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Happy Allotment Chickens

Brown eggs

Selling Eggs Flow ChartChickens on Allotments - Selling Surplus Eggs

Happy chickens need free-range space, greens to peck at, invertebrates for desserts, perching bars, things to jump on for exercising and areas for scratching and dust bathing. Happy hens lay lots of tasty eggs.

It is not regarded as illegal to sell the surplus produce from allotments under the technical exemption called "Farm Gate Sales".

To compete with the commercial egg producer you can use a competitive price and freshness as a selling point. Home grown feed can provide a better egg quality and taste which, apart from freshness, is the greatest added-value aspect for the home-producer. People appreciate knowing how fresh the eggs are and that they can see how the hens are raised.

Garden eggs taste better, are better for you and provide amazing flavour, texture and colour. The best marketing tool is customers who tell other people that they are the best eggs they have ever had and are worth every penny.

Producing eggs and selling them on a small scale can done without any red tape. With less than 50 laying hens you can sell eggs, direct to the public, without having to stamp the eggs with identification codes because the consumer can trace the egg straight back to you.

You can sell eggs directly to the consumer from your home, locally door-to-door, at a local market and deliver them to your work colleagues.

You cannot use surplus produce from allotments to support someone elses business. For example, you cannot sell to retail shops and are not allowed to sell to any catering establishments.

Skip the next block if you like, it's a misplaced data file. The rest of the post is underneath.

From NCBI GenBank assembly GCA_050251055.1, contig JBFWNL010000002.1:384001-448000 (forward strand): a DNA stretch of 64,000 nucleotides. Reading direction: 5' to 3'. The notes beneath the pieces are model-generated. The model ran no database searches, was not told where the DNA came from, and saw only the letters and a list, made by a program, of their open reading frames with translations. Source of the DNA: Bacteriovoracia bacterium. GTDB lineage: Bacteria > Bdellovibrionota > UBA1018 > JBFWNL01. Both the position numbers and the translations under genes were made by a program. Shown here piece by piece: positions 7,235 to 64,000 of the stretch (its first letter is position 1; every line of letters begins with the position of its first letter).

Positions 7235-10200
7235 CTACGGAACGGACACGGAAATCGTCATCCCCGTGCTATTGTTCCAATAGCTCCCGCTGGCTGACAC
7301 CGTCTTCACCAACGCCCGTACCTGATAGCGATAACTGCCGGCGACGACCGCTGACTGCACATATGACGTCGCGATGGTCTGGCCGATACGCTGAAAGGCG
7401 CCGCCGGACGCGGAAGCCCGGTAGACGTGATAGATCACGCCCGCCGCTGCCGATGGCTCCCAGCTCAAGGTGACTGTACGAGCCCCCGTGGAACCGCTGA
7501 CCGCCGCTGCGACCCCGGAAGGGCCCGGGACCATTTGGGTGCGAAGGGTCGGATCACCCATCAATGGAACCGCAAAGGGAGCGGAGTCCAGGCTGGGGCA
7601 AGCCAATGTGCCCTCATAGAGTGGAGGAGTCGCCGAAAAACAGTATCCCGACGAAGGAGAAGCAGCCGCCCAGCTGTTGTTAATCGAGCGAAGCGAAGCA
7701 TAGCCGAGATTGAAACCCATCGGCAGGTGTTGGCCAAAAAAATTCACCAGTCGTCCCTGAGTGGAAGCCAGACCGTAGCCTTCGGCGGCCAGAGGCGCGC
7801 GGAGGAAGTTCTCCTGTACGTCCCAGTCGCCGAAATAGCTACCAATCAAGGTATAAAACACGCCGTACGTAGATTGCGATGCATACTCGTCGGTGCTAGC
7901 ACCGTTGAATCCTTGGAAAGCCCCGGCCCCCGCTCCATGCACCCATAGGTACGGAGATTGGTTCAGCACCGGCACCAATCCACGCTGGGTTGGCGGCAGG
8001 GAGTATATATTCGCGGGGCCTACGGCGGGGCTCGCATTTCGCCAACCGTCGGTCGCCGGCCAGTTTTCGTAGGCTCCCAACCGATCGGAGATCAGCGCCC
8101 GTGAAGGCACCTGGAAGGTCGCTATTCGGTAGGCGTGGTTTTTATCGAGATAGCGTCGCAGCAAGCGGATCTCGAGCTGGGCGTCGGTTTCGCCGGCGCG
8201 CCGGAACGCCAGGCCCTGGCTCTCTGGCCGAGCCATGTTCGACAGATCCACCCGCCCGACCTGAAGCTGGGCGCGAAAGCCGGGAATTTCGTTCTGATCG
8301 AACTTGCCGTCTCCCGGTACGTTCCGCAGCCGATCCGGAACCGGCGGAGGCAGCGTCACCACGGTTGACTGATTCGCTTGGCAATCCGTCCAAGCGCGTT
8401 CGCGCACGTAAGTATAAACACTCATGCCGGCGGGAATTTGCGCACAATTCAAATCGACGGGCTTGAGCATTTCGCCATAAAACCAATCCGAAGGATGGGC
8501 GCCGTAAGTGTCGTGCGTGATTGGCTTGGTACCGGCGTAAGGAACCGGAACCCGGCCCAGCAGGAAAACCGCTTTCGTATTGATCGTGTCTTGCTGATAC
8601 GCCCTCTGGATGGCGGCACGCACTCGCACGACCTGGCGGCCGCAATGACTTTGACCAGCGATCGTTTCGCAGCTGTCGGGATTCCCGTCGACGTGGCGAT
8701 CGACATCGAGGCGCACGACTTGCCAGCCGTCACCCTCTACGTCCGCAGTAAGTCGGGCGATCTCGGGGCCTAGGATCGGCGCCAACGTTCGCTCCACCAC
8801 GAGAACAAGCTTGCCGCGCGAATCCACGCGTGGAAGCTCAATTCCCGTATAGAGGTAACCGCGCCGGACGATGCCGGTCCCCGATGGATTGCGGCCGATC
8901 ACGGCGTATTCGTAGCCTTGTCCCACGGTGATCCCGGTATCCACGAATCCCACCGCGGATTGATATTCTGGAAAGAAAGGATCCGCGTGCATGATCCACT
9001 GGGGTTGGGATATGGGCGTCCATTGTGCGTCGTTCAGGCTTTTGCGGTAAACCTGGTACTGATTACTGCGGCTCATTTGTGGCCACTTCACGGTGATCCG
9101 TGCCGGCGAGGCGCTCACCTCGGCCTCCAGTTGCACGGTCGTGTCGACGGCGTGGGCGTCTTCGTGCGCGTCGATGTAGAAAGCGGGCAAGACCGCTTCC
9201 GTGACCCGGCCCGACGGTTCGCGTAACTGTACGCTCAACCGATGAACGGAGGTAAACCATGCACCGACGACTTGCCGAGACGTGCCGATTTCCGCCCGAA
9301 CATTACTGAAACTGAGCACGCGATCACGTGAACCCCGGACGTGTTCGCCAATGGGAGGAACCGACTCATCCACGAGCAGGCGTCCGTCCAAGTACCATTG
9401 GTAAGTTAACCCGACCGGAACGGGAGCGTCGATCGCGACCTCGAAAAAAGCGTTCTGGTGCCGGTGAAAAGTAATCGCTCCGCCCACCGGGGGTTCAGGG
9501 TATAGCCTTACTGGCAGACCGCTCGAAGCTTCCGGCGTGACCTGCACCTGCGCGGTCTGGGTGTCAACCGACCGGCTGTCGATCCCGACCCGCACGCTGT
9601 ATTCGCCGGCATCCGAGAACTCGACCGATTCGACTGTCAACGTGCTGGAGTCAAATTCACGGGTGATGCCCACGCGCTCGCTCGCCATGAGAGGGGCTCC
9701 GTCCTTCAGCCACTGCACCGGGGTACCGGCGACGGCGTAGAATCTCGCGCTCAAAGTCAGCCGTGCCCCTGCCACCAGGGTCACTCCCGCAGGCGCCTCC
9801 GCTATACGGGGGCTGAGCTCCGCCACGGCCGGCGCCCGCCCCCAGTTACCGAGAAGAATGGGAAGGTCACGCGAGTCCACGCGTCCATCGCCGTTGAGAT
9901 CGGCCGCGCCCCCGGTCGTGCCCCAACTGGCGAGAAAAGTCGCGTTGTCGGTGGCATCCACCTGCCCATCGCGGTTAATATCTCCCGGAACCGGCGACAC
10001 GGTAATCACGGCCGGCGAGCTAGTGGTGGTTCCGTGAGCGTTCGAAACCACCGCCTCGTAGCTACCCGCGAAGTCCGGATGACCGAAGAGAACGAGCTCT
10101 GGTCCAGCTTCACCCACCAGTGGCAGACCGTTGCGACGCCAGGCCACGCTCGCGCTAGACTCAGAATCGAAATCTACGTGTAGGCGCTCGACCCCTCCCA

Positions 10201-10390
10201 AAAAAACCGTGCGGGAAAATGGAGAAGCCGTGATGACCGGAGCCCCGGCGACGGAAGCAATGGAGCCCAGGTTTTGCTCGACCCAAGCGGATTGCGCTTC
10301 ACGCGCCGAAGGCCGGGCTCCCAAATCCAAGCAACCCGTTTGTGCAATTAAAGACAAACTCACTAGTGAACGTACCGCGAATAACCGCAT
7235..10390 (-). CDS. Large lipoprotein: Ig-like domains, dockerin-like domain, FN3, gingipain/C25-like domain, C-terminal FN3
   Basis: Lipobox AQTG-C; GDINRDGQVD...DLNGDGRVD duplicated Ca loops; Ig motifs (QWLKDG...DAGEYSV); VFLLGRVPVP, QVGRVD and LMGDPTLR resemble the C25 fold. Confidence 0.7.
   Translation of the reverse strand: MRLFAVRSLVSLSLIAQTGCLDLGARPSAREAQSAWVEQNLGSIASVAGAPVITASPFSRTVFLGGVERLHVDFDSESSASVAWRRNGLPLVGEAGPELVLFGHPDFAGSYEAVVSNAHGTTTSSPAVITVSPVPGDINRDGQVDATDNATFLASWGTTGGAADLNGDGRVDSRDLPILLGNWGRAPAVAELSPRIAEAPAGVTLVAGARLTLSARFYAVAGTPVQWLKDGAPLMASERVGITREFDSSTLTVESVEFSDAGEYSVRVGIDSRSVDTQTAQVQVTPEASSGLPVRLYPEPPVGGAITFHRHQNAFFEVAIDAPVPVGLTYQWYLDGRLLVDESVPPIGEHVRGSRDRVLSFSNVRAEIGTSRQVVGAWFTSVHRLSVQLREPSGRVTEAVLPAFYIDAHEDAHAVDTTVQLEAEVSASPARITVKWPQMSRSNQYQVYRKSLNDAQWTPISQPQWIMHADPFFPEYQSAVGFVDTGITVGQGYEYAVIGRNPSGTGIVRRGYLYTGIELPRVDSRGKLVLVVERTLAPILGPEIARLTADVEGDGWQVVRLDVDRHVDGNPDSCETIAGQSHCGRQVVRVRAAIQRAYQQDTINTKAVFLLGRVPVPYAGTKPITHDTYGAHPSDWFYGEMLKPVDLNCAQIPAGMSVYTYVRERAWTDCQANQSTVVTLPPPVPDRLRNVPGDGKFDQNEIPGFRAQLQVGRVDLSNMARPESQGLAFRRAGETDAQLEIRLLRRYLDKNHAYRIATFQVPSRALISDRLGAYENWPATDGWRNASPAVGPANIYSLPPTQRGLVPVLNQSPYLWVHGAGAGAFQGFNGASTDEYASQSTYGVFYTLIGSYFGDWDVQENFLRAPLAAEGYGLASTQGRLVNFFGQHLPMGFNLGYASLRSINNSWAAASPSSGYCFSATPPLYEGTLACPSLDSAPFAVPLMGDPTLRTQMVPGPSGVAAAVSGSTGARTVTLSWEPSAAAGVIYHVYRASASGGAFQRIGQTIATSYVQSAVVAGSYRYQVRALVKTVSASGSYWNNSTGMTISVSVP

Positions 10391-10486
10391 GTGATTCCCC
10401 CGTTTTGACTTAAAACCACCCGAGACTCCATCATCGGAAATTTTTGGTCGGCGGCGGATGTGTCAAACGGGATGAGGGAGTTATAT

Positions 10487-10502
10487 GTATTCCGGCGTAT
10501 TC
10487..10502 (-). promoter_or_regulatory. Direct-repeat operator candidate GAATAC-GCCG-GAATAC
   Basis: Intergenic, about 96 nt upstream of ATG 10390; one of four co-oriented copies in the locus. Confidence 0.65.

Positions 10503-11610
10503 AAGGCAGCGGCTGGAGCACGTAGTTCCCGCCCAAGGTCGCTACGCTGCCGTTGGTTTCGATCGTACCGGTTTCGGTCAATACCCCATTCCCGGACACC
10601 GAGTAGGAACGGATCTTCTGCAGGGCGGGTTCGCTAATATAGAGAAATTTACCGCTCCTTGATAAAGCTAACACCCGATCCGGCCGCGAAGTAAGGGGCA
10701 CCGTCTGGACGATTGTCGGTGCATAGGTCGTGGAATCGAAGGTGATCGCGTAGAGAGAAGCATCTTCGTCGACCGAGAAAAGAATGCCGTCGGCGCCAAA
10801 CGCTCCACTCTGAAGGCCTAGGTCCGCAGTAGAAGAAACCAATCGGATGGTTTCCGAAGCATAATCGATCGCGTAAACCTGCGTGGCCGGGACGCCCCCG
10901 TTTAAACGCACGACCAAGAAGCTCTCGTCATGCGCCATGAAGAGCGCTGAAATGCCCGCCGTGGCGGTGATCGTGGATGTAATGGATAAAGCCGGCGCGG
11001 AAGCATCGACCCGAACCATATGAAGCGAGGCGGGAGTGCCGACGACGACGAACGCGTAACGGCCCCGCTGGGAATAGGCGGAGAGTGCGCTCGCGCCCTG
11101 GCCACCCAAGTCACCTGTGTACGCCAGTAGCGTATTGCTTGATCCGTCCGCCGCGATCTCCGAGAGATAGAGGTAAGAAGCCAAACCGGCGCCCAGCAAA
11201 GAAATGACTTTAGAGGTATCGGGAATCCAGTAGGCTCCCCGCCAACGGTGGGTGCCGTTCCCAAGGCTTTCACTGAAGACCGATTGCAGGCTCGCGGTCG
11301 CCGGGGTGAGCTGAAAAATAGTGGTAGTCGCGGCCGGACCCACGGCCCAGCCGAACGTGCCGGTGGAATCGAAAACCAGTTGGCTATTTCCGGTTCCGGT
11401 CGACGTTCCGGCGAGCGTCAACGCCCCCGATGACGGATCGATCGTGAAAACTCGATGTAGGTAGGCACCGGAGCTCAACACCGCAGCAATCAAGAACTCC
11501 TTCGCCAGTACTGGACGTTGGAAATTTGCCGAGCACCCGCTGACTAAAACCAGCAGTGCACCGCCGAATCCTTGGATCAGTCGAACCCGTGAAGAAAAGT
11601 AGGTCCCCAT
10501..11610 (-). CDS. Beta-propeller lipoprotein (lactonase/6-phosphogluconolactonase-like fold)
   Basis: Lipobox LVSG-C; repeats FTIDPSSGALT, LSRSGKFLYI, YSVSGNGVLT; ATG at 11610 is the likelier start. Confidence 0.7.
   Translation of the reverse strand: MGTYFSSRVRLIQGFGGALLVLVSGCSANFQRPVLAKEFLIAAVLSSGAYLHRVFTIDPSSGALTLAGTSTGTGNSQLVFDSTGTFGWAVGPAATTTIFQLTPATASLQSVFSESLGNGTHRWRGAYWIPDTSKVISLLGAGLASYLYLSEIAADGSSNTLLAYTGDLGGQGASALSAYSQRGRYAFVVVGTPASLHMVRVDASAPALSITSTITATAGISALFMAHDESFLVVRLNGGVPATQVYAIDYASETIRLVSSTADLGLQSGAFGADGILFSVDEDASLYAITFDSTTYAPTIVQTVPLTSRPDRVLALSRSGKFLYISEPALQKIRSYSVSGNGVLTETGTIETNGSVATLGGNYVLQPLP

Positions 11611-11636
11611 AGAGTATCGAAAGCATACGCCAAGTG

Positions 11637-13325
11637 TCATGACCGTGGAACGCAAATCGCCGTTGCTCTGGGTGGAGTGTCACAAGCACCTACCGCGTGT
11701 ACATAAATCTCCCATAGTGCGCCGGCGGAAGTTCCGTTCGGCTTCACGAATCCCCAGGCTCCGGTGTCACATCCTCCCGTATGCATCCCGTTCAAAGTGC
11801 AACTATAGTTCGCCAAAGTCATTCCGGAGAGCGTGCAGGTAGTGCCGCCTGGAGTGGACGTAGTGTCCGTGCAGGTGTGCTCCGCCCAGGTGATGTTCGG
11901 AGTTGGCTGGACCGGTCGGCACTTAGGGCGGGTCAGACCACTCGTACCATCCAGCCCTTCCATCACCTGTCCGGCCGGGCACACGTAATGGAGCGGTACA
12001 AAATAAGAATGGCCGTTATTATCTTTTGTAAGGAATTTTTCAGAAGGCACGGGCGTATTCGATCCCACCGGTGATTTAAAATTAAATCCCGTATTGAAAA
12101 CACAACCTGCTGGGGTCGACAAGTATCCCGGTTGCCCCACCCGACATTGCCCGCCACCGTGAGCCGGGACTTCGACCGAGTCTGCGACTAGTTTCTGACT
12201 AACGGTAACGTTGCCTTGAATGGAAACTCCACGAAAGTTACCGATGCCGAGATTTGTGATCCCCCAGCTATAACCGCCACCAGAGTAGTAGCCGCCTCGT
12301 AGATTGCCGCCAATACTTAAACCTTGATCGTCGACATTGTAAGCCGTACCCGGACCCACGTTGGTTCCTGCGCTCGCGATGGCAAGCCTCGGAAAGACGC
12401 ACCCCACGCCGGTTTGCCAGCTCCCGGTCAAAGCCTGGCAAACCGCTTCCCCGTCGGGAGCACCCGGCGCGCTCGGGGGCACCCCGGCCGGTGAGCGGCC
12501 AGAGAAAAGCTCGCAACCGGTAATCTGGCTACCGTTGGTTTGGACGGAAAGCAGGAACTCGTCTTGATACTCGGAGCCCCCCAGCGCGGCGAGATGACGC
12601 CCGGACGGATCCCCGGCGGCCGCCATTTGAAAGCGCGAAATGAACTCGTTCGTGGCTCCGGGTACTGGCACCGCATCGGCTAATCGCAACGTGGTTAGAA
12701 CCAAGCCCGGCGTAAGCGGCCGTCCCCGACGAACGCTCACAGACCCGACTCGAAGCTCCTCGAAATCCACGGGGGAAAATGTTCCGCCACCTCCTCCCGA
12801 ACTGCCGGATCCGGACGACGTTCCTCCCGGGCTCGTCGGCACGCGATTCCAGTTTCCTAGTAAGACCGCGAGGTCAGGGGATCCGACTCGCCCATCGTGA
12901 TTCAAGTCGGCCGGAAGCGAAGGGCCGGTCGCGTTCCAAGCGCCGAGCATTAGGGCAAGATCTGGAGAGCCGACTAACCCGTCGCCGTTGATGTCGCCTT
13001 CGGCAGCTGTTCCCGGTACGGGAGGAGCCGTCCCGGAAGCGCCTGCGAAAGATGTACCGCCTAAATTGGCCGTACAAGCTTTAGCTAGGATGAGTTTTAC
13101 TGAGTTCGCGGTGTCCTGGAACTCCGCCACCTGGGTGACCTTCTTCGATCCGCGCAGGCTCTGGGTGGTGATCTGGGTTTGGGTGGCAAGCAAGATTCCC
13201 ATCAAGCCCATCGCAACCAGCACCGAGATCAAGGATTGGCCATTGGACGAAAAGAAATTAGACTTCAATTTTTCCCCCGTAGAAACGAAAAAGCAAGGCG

When selling eggs be careful about the wording on any labels. Do not use the term "Organic" unless you can prove this. If possible include beneficial labels of "Free Range" and "GM Free guaranteed". A safe choice is something like "Fresh Eggs" or "Wonderful Eggs" from "Happy Garden Hens".

Any photograph of hens on the label or poster should be representative of the breed(s) that lay the eggs.

Do not grade the eggs by their size, and do not store eggs you are selling in the fridge. Keep eggs at a cool temperature (between 6 and 18ºC) for hygiene reasons.

The European Community law on egg marketing is applicable in all European Union Member States. Producers with up to 50 laying hens may sell their eggs at a local public market, provided that the name and address of the producer is indicated at the point of sale. Producers with 50 or more hens must also stamp their eggs going for sale at a local public market with a producer code. Producers with more than 350 laying hens must be registered regardless of how the eggs are marketed. In the UK, premises with 50 or more birds must also register with DEFRA on the GB Poultry Register for purposes of desease prevention and control.

Selling Surplus Eggs
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